If you're looking at groups, you're looking at an abstraction of the idea of numbers, to try to reduce it to minimal properties. As I've already explained, a group is a set of values with one operation, and which satisfies several simple properties. From that simple structure comes the

basic mathematical concept of symmetry.

Once you understand some of the basics of groups and symmetry, you can move in two directions. You can ask "What happens if I *add* something?"; or you can ask "What happens if I *remove* something?".

You can either add operations - which can lead you to a two-operation structure called a ring; or you can add properties - in which the simplest step leads you to something called an *abelian group*. When it comes to removing, you can remove properties, which leads you to a simpler structure called a *groupoid*. Eventually, I'm going to follow both the upward and the downward paths. For now, we'll start with the upward path, since it's easier.

Building up from groups, we can progress to *rings*. A group captures one simple property of

a set of number-like objects. A ring brings us closer to capturing the structure of the system

of numbers. The way that it does this is by adding a second operation. A group has one operation

with symmetric properties; a ring adds a second symmetric operation, with a well-defined relationship

between the two operations.

A ring is a set of values R, along with two operations, "+" and "×". We'll generally call the

two operations addition and multiplication, although it's important to remember that they are*not* the standard numeric add and multiply that we're familiar with: these are abstract

operations, and we can construct rings in which the "add" operation has very little similarity with what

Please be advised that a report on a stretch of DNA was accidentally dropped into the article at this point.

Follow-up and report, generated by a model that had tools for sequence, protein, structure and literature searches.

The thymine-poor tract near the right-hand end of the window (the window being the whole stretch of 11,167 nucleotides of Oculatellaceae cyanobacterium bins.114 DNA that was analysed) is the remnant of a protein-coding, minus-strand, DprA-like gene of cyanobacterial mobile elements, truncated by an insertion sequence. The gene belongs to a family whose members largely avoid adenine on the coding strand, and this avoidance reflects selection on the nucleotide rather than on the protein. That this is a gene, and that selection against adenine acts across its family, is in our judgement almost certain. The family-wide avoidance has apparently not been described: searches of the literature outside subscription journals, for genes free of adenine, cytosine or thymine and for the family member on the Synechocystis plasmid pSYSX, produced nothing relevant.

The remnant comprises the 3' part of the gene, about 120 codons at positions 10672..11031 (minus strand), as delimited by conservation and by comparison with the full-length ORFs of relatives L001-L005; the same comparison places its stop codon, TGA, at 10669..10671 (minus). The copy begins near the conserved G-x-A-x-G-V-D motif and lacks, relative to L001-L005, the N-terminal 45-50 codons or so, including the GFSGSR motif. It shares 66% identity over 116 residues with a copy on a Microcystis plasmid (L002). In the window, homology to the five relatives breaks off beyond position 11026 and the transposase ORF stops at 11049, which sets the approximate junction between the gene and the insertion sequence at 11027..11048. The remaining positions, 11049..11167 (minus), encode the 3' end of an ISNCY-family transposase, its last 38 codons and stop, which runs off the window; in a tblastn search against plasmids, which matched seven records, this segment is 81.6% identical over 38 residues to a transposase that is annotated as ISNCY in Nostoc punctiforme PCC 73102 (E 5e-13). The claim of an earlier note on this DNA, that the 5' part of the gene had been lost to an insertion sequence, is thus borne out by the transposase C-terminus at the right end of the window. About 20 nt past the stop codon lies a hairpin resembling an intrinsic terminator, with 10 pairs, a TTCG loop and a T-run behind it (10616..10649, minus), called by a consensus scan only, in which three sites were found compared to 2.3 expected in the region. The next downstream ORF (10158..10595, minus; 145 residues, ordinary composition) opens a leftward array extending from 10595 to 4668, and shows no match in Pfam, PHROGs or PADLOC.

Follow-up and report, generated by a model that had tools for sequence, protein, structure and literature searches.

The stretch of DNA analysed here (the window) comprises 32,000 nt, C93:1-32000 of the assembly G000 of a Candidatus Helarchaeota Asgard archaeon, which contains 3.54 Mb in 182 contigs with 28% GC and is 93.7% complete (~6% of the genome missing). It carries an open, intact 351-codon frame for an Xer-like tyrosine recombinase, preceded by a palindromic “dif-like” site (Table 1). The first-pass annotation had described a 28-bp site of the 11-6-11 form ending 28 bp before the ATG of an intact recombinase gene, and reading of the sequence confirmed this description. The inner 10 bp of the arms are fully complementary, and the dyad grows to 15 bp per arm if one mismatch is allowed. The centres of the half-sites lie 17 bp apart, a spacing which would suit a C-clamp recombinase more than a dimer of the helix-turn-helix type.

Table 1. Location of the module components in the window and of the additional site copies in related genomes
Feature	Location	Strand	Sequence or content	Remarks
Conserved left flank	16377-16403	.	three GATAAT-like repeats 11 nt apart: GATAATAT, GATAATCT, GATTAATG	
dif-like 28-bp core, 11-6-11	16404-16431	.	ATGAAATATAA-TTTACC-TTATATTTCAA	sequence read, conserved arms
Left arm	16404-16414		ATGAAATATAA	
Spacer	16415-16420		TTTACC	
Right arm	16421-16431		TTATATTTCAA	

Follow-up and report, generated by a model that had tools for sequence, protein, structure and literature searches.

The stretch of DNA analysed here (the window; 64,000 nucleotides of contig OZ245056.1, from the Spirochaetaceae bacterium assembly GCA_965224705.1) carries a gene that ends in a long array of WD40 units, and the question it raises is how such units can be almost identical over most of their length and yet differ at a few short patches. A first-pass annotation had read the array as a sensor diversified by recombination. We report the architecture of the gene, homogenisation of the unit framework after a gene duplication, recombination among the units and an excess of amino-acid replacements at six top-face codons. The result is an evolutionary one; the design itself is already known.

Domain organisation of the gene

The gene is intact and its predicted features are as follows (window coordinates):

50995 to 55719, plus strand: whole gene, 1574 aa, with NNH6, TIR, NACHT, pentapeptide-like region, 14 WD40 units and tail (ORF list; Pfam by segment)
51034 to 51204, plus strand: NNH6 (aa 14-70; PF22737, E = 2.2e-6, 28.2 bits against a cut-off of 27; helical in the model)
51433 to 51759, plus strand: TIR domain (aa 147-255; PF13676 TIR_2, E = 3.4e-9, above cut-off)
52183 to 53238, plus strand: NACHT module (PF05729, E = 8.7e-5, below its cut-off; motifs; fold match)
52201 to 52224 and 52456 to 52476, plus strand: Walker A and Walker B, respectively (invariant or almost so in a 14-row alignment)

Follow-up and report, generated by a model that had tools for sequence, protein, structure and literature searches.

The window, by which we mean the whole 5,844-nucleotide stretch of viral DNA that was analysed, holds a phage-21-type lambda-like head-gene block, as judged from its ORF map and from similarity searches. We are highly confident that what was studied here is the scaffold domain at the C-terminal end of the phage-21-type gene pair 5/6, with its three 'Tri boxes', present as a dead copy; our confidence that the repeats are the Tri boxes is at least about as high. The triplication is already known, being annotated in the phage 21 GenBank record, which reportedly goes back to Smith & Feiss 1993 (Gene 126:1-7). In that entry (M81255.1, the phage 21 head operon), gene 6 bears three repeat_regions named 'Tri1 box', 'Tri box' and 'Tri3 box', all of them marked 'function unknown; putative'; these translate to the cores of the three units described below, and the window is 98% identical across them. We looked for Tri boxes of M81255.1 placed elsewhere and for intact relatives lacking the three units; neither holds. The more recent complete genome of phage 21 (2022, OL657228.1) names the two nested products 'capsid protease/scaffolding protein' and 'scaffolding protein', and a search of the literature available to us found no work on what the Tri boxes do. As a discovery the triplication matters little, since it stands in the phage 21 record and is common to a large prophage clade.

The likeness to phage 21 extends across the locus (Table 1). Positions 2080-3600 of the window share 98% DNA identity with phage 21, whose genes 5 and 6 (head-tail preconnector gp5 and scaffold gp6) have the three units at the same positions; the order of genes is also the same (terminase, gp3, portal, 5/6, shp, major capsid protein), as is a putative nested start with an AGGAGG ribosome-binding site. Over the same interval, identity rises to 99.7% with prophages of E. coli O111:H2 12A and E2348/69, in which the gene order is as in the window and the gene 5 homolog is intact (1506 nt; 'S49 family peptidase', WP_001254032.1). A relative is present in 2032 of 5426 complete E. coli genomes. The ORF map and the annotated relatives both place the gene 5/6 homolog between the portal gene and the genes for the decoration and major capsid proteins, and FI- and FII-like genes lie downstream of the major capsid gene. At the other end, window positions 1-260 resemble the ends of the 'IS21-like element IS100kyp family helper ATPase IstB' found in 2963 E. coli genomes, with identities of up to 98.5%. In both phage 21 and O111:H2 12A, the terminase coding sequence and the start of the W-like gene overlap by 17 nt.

we think of as addition.

The first operation in the ring is addition. In the ring, (R,+) is an abelian group, with identity

value is written "0", and where the inverse of value a∈R with respect to "+" is written "-a".

The second operation, multiplication, in a ring doesn't have to have all of the group operation

properties. (Remember, what we're trying to do is look at very simple structures, so we don't want to

add more requirements that we absolutely have to; the more abstract we can leave the definition, the

more structures the definition can encompass. We want to add just enough to be able to explore the

concepts.) The only requirements on the second operation are that it is associative, and has an identity

element. There's no requirement that it be commutative, and there's no requirement that there be

multiplicative inverses.

Finally, the relationship between the two operations has to satisfy one condition: the addition

operation must be distributive over the multiplication operation. To be formal, ∀a,b,c∈R,

a×(b+c) = a×b + a×c ∧ (a+b)×c = a×c + b×c.

So with all of this stuff, what have we really described? We've created something that is an